Lastly, using baseball-reference.com as the source (which is the source for any stats used in this post), the three pitchers graded as having careers most similar to Blyleven were (in order): Don Sutton, Gaylord Perry and Fergie Jenkins. Tommy John ranked fourth. Jack Morris was graded most similar to Dennis Martinez, Bob Gibson, Tom Glavine, and Luis Tiant (again, in order). Only Gibson is currently in the HOF, and Glavine's numbers will not be similar to Morris' by the time Glavine retires. And, although their career stats are similar, Morris never came close to dominating the league like Gibson did in the late 1960s and early 1970s.




Excellent post! This is nearly exactly what I was going to say as well. After reading Skorpio's flawed logic on Morris, I immediately went and dug up the numbers and was ready to post, then I read your post. Kudos. Great work.

The only other thing I would add it that in an 18 year career, Morris had 7 seasons where his adjusted ERA was worse than league average. 40% of the time, he was worse than league average. Blyleven, on the other hand, had 5 seasons out of 22 where he was below league average (22%) and they came near the end of his brilliant career.

(edited by pieman on 7.1.04 1326)



Gabba Gabba Hey!


StaggerLee
Scrapple








Since: 3.10.02
From: Right side of the tracks

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#29 Posted on | Instant Rating: 3.25
    Originally posted by vsp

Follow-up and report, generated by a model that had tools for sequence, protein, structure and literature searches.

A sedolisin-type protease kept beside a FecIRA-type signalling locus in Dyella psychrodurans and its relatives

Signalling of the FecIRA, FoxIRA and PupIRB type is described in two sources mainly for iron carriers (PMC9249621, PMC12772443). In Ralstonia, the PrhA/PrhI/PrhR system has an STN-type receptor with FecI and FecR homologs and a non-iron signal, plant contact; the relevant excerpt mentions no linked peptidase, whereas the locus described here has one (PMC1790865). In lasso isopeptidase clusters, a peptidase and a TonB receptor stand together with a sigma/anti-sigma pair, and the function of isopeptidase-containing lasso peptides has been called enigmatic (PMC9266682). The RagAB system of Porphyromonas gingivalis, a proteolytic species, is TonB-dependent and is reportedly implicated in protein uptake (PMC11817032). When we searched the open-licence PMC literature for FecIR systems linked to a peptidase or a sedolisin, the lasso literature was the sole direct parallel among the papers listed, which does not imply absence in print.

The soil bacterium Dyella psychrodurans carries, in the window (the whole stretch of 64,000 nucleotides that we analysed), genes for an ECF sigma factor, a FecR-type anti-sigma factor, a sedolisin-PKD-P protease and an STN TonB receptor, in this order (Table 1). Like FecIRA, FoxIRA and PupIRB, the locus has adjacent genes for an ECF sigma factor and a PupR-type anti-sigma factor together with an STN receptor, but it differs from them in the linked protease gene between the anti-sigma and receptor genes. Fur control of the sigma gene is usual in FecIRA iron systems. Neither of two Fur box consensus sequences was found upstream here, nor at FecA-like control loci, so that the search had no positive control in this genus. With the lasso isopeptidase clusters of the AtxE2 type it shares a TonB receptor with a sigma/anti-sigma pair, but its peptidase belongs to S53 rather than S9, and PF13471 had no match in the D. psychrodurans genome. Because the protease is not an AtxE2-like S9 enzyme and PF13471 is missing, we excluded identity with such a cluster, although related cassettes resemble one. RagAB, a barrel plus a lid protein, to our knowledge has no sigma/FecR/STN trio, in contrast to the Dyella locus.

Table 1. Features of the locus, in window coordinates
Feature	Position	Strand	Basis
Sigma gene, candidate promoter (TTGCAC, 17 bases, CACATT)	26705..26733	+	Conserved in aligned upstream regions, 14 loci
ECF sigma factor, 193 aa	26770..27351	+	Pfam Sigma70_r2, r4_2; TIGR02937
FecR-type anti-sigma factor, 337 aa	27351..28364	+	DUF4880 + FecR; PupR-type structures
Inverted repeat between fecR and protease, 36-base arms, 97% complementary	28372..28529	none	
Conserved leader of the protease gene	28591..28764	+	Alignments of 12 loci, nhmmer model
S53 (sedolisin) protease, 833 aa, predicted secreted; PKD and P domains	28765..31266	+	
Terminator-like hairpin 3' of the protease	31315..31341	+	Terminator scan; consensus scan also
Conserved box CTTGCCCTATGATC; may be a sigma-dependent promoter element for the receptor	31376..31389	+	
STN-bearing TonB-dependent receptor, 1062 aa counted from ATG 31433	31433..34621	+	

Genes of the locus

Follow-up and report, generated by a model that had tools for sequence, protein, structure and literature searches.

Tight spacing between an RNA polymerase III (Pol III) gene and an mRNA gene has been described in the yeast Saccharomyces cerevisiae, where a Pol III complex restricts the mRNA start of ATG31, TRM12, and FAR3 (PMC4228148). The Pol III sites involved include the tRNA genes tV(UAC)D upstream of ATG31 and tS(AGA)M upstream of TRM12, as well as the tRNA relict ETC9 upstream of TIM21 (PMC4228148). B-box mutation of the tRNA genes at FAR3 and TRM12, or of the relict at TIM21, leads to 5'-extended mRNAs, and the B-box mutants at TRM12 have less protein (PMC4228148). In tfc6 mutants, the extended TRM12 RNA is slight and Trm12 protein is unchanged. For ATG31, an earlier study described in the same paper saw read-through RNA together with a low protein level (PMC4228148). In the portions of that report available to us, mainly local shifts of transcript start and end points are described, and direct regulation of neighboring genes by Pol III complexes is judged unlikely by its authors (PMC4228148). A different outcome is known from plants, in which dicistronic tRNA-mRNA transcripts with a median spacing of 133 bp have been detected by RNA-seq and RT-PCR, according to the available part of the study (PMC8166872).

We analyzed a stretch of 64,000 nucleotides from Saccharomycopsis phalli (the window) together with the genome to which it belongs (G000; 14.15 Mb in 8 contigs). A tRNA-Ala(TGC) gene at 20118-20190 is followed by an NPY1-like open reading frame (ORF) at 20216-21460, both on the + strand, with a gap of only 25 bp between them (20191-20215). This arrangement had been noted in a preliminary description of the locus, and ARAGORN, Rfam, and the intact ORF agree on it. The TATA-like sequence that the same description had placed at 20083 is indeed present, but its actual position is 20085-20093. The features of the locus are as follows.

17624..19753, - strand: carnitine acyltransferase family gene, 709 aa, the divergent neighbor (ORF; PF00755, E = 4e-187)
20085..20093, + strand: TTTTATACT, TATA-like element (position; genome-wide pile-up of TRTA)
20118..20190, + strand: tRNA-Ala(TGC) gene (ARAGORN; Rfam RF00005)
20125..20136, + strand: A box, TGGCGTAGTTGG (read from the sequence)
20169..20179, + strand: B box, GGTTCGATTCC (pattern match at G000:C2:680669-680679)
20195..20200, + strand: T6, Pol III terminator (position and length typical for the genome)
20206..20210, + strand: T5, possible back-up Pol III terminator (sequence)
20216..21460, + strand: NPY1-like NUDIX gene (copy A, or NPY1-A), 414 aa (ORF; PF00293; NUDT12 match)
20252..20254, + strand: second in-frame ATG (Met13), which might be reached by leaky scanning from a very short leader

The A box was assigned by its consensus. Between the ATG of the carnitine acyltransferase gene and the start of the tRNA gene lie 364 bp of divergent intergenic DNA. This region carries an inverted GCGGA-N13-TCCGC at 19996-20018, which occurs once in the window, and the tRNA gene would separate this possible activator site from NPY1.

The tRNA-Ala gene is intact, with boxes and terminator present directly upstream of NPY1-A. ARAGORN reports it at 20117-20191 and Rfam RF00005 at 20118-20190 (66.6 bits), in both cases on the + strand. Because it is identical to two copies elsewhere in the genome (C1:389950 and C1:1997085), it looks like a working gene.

Blyleven compares better to Don Sutton (very similar K's, BBs and ERAs). Blyleven's teams barely averaged .500, with him ending at 287-250; Sutton played the prime of his career with the powerhouse Dodgers (career teams were around .535), ending at 325-256. Put Blyleven on the Dodgers and it's not hard to see him with >300 wins, which (for better or worse) would make him a shoo-in for the Hall.

    Morris's teams were even better (.539). Take out the first year of Morris's career (where Morris only played in seven games) and when the wheels fell off in Detroit in 1989 (59-103), and only _once_ did Morris play for a sub-.500 team (1990, 79-83). Detroit ran off eleven >.500 years in a row with Morris; Blyleven had to deal with a lot of mediocre support early in Minnesota and late in Cleveland.

    I'm not hating on Morris -- he was a helluva pitcher -- but Blyleven did a lot with less around him.



I never understood the "his team was better, so he wasnt that good" concept. It baffles me. Bob gibson played on some great teams, so by that logic, he wasnt a great player? (note, I am NOT comparing the two, gibson would kick morris' ass 9 times out of 10)

People here cite his high era, but from 83 to 90 he was the lowest ERA on the team 4 times.

His teams only finished above third in the division twice, in 83 and 84.

The post season numbers I saw on Morris was 7-3. And, since when is somebody's post season the only consideration for thier HOF worthiness? If you want to go that route, he actually WON three titles. ANd, on that note, if Post season performances are really that important, lets not forget his 11 inning outing against the Braves in 1991. ANd, if you discount his getting BOMBED in Toronto, he only gave up 7 earned runs over 5 games in world series play, and in 1992 when atlanta rolled over him, he was 21-1 in the regular season.

162 wins in a decade is NOT assinine, however giving 430 homers in a career is something that should be overlooked?
On thier career, Blylevin was only 37 games over 500, while Morris was 68 games over. 1.6 wins over 500 for a career compared to 3.7 over a career.

I am not saying Blylevin wasnt a great pitcher, I am just saying that Morris deserves a slot in Cooperstown before Blylevin.

Jason Stark of ESPN.com had this to say about Morris: